The record for most losses in a single season in Major League Baseball is 134, set by the Cleveland Spiders in 1899. The Spiders, a member of the National League (NL), went 20-134 that year for a .130 winning percentage and the worst loss and winning percentage in major league history.
Since 1901, the start of modern baseball, the Philadelphia Athletics’ 36-117 (.235) record in 1916 is the lowest winning percentage, and the New York Mets’ 120 losses (40 wins) in the NL in 1962 is the highest.
We could see a lot of those records broken this season. The Oakland Athletics are off to their worst start of the season, hovering around the two-win mark.
The A’s lost their sixth straight game on April 24, falling 2-3 to the Seattle Mariners at T-Mobile Park. It’s neither a surprise nor a shocker.
The A’s had posted just one winning streak during their 50-game run to this point, going 10-40. The only two-game winning streak came on June 7-8, when the A’s swept the Kansas City Royals, 12-8 and 5-4. Kansas City was 1-2 at the time of the “humiliating” loss.
It ranks fourth on the all-time list of lowest winning percentages through the first 50 games of a season. The 1897 Louisville Kernels lead the category with a 7-43 record, while the 1899 Spiders and 1904 Washington Senators are tied for second with a 9-41 record.
If Oakland maintains its current winning percentage through the end of the season, it will finish the year with 32 wins and 130 losses. That would be the second-most games lost since the 1899 Spiders. With the way Oakland has been playing lately, it doesn’t seem impossible. They’re 21 games behind the AL West-leading Texas Rangers (30-18). They’re 25 games behind the AL East’s Tampa Bay Rays (35-15), the best winning percentage team in baseball.
Oakland is 29th in team batting average (.225), 28th in runs per game (3.6), 18th in team home runs (53), 3rd in team stolen bases (48), and 28th in team OPS (0.66). There are no last-place finishes among the 30 teams in any of the major offensive categories 메이저사이트.
On the mound, however, it’s a different story. The team ERA (6.95) is 30th, the only one in the six figures. Team batting average (0.283), team WHIP (1.67), team home runs (85), and team runs allowed (7.16) are also last. Their run differential is -178 runs. They’ve given up twice as many runs as they’ve scored.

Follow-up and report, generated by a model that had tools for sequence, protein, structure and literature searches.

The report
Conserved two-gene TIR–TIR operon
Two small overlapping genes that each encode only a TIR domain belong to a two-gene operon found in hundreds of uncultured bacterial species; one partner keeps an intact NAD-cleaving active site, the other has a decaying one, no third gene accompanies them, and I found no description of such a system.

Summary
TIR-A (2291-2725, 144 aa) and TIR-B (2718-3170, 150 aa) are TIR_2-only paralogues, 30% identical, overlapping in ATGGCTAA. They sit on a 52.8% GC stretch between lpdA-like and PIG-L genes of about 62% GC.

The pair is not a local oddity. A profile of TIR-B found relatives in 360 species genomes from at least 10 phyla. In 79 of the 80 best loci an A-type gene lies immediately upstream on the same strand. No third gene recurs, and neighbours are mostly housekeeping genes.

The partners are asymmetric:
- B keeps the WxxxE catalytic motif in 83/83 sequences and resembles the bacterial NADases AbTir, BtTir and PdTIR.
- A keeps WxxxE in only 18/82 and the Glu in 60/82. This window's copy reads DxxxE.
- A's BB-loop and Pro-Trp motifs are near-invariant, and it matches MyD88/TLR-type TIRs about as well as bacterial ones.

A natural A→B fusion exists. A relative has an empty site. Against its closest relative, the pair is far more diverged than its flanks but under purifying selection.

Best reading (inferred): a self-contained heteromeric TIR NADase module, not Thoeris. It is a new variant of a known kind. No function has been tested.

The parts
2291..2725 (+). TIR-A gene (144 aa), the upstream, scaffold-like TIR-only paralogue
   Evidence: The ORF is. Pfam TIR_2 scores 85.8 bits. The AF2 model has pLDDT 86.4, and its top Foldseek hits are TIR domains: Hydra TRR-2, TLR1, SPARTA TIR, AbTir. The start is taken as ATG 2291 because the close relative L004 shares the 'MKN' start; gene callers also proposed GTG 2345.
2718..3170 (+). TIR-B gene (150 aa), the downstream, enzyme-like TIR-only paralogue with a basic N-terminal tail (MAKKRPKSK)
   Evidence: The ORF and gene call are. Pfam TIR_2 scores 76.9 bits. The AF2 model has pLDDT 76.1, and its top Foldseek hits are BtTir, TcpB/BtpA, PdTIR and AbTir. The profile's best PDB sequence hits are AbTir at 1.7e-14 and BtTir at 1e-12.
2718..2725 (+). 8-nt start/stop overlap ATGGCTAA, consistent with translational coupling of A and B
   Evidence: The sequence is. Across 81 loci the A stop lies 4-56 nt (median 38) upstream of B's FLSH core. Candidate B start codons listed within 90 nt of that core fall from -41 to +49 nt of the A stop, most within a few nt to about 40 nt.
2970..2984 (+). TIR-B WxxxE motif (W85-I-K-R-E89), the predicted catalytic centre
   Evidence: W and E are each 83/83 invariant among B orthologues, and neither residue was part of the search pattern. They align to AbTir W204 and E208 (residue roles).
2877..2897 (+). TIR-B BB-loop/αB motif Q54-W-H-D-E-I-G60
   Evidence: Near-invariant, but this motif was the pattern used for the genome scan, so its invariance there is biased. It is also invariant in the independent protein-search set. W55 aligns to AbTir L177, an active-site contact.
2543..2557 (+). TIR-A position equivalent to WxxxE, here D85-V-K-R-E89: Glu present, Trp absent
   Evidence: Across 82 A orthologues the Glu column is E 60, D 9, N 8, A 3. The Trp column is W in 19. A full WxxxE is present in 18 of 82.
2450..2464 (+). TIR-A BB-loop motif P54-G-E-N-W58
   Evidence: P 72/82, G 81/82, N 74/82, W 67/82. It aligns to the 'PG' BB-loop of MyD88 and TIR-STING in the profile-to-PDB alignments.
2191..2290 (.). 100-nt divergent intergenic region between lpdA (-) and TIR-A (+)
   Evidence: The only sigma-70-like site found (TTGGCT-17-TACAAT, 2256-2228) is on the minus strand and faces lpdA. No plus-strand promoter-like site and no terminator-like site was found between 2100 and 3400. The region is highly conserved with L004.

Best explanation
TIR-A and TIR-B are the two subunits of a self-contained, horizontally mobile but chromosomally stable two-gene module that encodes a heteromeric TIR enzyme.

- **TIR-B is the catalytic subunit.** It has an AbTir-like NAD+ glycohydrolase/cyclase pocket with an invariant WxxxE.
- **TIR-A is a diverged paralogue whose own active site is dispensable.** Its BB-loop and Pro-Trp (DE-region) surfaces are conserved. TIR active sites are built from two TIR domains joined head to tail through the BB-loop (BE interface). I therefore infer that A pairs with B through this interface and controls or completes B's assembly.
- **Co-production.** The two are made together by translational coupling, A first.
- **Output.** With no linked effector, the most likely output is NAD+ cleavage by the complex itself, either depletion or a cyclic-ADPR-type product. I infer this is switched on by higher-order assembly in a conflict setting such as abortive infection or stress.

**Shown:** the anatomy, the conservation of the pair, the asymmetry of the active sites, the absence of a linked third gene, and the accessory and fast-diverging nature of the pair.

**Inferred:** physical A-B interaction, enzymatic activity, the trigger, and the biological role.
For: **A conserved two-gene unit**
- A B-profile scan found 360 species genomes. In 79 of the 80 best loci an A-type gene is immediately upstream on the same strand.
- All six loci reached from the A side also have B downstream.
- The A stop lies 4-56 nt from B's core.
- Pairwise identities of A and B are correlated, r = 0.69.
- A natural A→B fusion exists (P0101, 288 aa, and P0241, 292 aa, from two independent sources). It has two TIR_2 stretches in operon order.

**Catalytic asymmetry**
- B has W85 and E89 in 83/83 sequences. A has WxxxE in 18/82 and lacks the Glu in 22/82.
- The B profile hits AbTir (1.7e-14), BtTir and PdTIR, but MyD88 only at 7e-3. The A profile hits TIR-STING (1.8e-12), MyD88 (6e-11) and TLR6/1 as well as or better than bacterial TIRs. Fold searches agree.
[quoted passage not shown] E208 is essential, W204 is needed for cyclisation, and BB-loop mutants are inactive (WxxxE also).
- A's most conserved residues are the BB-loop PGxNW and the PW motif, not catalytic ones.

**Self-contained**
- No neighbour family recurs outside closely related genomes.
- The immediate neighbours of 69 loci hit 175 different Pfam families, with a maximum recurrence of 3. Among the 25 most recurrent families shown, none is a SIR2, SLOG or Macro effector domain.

This team has no reason to be in the major leagues. They’re moving to Las Vegas in 2025, and there’s no way that’s going to improve their situation. The Oakland A’s, who play at the Oakland Coliseum, have an average home attendance of 8695 as of this date, the only team in the 30-team league under 10,000. Last year, it was 9849, and this year it’s even worse.
That’s where Japanese pitcher Shintaro Fujinami comes in. After signing a one-year, $3.25 million deal with the A’s in January to fulfill his major league dream, Fujinami started his rookie season as the No. 2 starter, but he struggled and was demoted to the bullpen after his fourth start against the Texas Rangers on April 23.
He lost all four of his starts and had a 14.40 ERA. Since then, he’s lowered his ERA to 12.17, but it’s not a significant improvement. His bullpen ERA is 10.66.
Poor command, command anxiety, and lack of adaptability – a total mess. His four-seam fastball, which he throws more than half the time, tops out at 100.6 mph and averages 97.1 mph. That’s not much better than his high school rival, Shohei Ohtani, who topped out at 101.2 mph and averaged 97.2 mph.
In 27⅔ innings, he has allowed 24 walks and struck out 29. He has a .293 batting average and has hit three home runs. There’s no reason to keep him in the majors other than a minor league veto. He’s a major leaguer that can only be found in Oakland.